Why Stepfamilies Are Different – Inside the August 2015 Issue

Stepfamilies Are Unique
Inside the August 2015 Issue

Embrace Your Differences: 5 Factors That Make Stepfamilies Unique by Brenda Snyder, LCSW

A family is a family is a family. Two adults. Some kids. Does it really matter so much how and when the family was formed? Or that not all of the people in that family are blood related? You look like a family. You act like a family. Love conquers all.

The same rules ought to apply, right? Rarely do women who are not stepmothers understand just how wrong these assumptions are. They try to be supportive, but they just don’t get it.

Stepfamilies are different.

And it’s time to embrace those differences. At least five factors make stepfamilies unique. Each one is outlined below in the hopes of making the unique challenges we face easier to understand and overcome.

Factor #1: In traditional families, the kids often form their own alliance while their parents align with one another. And that’s about it. The subsets of people who comprise a stepfamily make everything more complicated.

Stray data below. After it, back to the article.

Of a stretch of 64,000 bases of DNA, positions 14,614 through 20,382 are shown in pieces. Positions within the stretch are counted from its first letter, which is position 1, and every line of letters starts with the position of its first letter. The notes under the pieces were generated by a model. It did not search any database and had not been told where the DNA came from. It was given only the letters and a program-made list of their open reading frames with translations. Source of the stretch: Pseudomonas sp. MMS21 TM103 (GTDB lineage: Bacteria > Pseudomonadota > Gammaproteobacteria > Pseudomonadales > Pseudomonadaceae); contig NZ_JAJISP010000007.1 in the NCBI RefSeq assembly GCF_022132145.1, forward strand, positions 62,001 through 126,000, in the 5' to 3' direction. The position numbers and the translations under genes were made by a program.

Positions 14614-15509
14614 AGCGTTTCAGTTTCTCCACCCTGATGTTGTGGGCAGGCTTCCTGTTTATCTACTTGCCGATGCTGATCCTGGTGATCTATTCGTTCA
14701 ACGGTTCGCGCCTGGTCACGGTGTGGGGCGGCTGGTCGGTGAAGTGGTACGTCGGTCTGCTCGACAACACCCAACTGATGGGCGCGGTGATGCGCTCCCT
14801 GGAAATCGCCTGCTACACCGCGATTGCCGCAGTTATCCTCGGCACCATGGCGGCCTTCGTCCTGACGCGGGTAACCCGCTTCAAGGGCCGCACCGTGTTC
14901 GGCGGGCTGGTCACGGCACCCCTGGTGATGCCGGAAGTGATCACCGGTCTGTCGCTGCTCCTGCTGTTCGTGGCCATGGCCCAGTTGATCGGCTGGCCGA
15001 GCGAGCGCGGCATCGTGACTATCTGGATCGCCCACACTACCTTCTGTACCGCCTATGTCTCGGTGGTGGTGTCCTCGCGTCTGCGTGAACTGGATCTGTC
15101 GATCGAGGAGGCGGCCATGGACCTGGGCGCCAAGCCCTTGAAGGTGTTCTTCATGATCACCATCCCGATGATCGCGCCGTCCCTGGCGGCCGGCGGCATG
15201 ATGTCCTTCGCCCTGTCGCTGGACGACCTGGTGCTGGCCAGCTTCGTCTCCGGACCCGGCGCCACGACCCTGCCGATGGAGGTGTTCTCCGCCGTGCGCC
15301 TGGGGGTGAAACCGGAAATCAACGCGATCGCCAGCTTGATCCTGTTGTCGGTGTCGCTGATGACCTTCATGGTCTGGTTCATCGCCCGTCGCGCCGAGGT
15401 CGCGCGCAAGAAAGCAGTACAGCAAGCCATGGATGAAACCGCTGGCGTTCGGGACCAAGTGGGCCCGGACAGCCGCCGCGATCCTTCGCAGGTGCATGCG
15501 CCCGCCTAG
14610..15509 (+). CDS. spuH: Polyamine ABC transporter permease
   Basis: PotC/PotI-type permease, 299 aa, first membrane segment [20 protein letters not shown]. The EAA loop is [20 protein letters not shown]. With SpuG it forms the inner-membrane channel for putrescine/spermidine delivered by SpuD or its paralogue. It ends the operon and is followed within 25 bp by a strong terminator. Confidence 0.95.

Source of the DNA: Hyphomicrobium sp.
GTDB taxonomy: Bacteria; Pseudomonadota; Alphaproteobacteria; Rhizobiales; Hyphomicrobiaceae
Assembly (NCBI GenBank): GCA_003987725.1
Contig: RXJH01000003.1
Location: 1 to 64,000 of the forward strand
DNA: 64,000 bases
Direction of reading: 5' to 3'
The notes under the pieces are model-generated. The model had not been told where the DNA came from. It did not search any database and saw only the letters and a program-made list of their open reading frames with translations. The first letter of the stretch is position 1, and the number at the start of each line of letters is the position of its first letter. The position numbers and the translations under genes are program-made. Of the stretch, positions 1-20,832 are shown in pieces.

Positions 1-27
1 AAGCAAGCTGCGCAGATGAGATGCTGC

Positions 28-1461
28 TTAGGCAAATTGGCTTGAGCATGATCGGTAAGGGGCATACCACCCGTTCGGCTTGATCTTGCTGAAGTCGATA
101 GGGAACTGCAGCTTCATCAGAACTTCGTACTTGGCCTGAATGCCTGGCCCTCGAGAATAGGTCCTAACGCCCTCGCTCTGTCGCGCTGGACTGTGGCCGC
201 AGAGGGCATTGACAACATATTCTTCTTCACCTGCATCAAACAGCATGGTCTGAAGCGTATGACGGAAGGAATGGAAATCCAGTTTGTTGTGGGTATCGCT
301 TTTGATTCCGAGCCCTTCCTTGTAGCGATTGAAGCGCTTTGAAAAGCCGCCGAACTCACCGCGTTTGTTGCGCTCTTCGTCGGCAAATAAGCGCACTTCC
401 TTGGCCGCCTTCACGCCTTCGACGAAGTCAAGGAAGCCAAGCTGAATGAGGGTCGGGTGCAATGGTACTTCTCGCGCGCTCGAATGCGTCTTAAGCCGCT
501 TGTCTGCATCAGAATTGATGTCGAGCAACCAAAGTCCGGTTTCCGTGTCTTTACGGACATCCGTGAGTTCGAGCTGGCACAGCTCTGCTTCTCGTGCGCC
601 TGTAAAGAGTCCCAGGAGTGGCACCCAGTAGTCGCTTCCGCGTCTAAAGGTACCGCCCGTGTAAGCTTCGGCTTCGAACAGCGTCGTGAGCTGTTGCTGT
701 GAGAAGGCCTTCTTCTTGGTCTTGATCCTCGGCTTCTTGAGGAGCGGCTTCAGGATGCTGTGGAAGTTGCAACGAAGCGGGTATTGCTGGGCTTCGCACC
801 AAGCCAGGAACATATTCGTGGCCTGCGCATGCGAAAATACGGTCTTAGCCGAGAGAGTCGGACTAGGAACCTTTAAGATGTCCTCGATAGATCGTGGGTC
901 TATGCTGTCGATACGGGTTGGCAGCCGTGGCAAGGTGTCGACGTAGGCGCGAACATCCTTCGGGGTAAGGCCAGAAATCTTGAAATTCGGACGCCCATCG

Some of the simplest of stepfamily structures consist of one set of biological siblings who traverse two different households—yours and that of their other parent. That set of kids is a subset of the family, in that they are the only ones with the unique experience of belonging to two households.

You and your husband, or partner, form another subset. It’s one that you have created either with or without the support of his kids. Your husband and his kids form yet another group. It’s one that doesn’t include you.

If you’re counting, that’s two groups that exclude the stepmom—something most of us feel quite keenly. …To read the rest of this article, log in to your account and download the August 2015 issue. Don’t have an account? Click here to subscribe.


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